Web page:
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leaky wood stove chimney

benak's picture

My one year old Simpson-Duravent chimney system leaks, and I'm wondering if anyone else has experienced a similar kind of leak, and what their fix was.  Over the summer water has followed my 16' chimney, through the mounting box, down the stove pipe and onto my stove.  I assumed some detail of my flashing was at fault.  So I crawled in my attic on a rainy day and saw that the flashing appears watertight, but that water was dripping out of the seam between the top two 4' lengths of chimney.  This seam is about 8" below the flashing.  I do have a chimney cap that matches the chimney.  I'm guessing that the top of the chimney isn't watertight, and water is running through the chinmey insulation.  I'll contact the manufacturer tommorow.


Thanks for any ideas you may have,


Ben 


 


 

(post #113410, reply #1 of 8)

My first thought was that it was leaking in the outside of the pipe at the trim collar, but if you are certain no water is running in on the pipe exterior for that first 8", it is not that, tho that is the most common.

Duravent may have changed their pattern for joints since i was handling them. Do you know if the joint twists together with about a 4-6" clockwise rotation? or does it more or less just smnap together? It is important to have it tight and lined up correctly, because the air flow channels ( this is not a solid pack insulated pipe, but a triple wall cooled by air exchanges) could divert some water via their partition supports inside.

Nevertheless, the water should not be getting into the pipe in the first place. That means that the wind is a howling, or the rain cap is not installed right, or it is the wrong cap for the pipe.

every piece should havve a part number stamped into it someplace, so you can have them check that you were sold the right parts.
And every joint should be secured with a minimum of three sheet metal screws once it is all put together right.

 

 


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(post #113410, reply #6 of 8)

Thanks for the ideas.  This pipe is double walled, with insulation.  The connections screw together as you described.  And it's not upside down.  If I'm not mistaken, this system does not require sheet metal screws.  With the chimney support bracket is installed, I don't think there is much wiggle room for the sections to come untwisted anyway.  I was recently on the roof where I reattatched the top section and the chimney cap firmly.  And yes, the leak is from the horizontal joint, not the vertical seam.  I will check out the cap to ensure it's the right one.  It does screw positively into place, like the chimney sections do.  Oh and yes, the wind regularly howls over my roof.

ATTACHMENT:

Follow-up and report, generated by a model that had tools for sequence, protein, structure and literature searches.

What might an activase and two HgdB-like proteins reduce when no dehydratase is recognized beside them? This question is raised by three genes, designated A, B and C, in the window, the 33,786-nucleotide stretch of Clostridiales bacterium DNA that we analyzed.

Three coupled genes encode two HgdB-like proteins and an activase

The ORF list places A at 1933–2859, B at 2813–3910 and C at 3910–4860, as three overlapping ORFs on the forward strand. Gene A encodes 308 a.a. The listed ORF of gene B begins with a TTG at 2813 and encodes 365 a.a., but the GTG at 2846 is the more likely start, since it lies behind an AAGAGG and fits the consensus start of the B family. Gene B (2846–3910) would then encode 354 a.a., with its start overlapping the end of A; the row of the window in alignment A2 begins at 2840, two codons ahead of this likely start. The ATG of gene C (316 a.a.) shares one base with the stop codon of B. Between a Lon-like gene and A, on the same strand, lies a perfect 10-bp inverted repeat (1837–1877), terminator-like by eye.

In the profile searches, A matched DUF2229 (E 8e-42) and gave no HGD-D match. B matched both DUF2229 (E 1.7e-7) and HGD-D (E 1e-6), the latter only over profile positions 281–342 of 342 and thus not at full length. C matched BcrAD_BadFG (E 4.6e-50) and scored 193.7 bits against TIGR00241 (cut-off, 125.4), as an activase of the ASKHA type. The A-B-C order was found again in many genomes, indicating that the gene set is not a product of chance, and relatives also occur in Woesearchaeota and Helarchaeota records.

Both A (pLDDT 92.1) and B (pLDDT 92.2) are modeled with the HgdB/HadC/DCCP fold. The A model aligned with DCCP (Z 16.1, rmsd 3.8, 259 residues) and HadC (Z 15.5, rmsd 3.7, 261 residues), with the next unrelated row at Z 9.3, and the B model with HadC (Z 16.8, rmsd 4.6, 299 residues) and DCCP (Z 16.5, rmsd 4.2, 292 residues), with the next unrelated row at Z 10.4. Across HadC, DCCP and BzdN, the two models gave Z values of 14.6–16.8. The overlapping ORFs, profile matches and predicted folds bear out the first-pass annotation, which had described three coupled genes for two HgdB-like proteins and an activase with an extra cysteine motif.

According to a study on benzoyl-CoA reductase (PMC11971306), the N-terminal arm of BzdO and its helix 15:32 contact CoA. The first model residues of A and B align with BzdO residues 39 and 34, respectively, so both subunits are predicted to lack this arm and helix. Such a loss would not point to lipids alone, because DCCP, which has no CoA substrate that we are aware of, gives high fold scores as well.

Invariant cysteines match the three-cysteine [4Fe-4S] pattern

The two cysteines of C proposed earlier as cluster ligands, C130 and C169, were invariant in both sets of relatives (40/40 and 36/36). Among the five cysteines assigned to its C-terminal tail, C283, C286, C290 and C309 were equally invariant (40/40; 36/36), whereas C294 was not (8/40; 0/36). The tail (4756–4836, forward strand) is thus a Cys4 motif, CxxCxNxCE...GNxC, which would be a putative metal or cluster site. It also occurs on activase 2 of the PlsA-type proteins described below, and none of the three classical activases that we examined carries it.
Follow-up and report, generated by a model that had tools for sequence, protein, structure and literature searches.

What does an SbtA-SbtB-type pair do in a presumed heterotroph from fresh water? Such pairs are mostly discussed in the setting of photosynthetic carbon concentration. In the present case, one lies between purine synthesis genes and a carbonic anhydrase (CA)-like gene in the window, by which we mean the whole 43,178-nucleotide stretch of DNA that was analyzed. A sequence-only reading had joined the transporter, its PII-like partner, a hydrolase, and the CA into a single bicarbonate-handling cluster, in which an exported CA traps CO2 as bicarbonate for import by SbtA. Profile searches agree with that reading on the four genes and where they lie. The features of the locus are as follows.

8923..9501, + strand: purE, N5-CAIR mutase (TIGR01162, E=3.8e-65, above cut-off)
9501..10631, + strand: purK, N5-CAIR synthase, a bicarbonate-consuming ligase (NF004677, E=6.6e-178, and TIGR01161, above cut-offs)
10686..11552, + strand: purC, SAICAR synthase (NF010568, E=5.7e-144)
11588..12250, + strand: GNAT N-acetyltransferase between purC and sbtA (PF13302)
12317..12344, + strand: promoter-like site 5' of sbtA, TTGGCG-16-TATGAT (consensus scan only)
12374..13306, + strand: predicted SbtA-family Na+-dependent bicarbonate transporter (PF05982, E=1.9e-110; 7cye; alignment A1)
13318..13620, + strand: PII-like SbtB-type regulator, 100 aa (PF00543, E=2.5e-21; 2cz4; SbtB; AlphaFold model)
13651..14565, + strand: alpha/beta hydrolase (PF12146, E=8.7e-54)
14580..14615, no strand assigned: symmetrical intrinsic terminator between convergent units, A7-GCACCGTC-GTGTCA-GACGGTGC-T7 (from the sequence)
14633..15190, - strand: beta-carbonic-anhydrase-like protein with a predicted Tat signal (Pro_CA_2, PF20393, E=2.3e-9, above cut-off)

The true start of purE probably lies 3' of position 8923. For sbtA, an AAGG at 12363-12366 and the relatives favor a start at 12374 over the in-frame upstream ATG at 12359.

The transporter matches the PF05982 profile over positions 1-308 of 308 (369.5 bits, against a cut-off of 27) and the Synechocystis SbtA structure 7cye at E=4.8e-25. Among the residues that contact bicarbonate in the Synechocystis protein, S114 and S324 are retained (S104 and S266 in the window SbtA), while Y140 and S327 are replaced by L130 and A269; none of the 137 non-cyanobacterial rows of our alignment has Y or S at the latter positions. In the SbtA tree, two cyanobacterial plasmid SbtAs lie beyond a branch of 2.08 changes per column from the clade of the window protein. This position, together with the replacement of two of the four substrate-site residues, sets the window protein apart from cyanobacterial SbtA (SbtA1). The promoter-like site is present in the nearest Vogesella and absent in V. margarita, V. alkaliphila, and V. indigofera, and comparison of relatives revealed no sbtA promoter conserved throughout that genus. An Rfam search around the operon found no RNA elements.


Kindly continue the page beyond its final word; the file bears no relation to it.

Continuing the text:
Ben

(post #113410, reply #7 of 8)

Hmmm, I'm out of ideas.

But most codes require that joints be secured with the SM screws after twisting them together

 

 


Welcome to the
Taunton University of
Knowledge FHB Campus at Breaktime.
 where ...
Excellence is its own reward!

 

 

Oh Well,

We did the best we could...

(post #113410, reply #8 of 8)

Thanks.  I'll look into that.  When I did the installation, I just followed the manufacturers instructions. 


Ben


 

(post #113410, reply #2 of 8)

Just to be sure we're talking same thing - The seams run vertically the length of each pipe section, while the name of where the two pieces join is called a joint, which you referred to as a seam. The water appears to come from the horizontal joint, right? Not the vertical seam?

 

 


Welcome to the
Taunton University of
Knowledge FHB Campus at Breaktime.
 where ...
Excellence is its own reward!

 

 

Oh Well,

We did the best we could...

(post #113410, reply #3 of 8)

I don't have an answer to your question, but I do have a Simpson DuraVent stack and it's for a propane stove. The woodstove has a Metalbestos Ultra HT stack. They are very different materials. Like Piffin says, the DuraVent is a concentric vent with no insulation... mine has combustion air intake on the outside and exhaust on the inside.


My DuraVent rain cap is a type that I would not expect to leak... it does not leave any of the top of the pipe exposed, but rather sits down flush with the top of the last section of pipe.


Now, sort of along the lines of what you are experiencing, my woodstove chimney is leaking around the storm collar, which is a b!tch because it's really dangerous to get up there to fix it, which I'll have to do.


I guess it's worth asking if you're sure that your chimney is not reverse assembled. I once saw a 6" B-vent from a boiler that had been installed upside down.

(post #113410, reply #4 of 8)

"it does not leave any of the top of the pipe exposed,"

That's right. The end should not be exposed to the rain or wind. I'm mostly suspecting he has been sold the wrong cap.

you also reminded me how many times I have seen pipe installed upside down, but that usualluy resuilts in creosote running out, rather than water leaks

 

 


Welcome to the
Taunton University of
Knowledge FHB Campus at Breaktime.
 where ...
Excellence is its own reward!

 

 

Oh Well,

We did the best we could...

(post #113410, reply #5 of 8)

I don't think the type I'm describing could be used with solid fuels. Actually, I'm surprised to read that Duravent is also a woodstove chimney. I have Duravent, Metalbestos, and Protech flues for three different appliances here, and they are very different materials.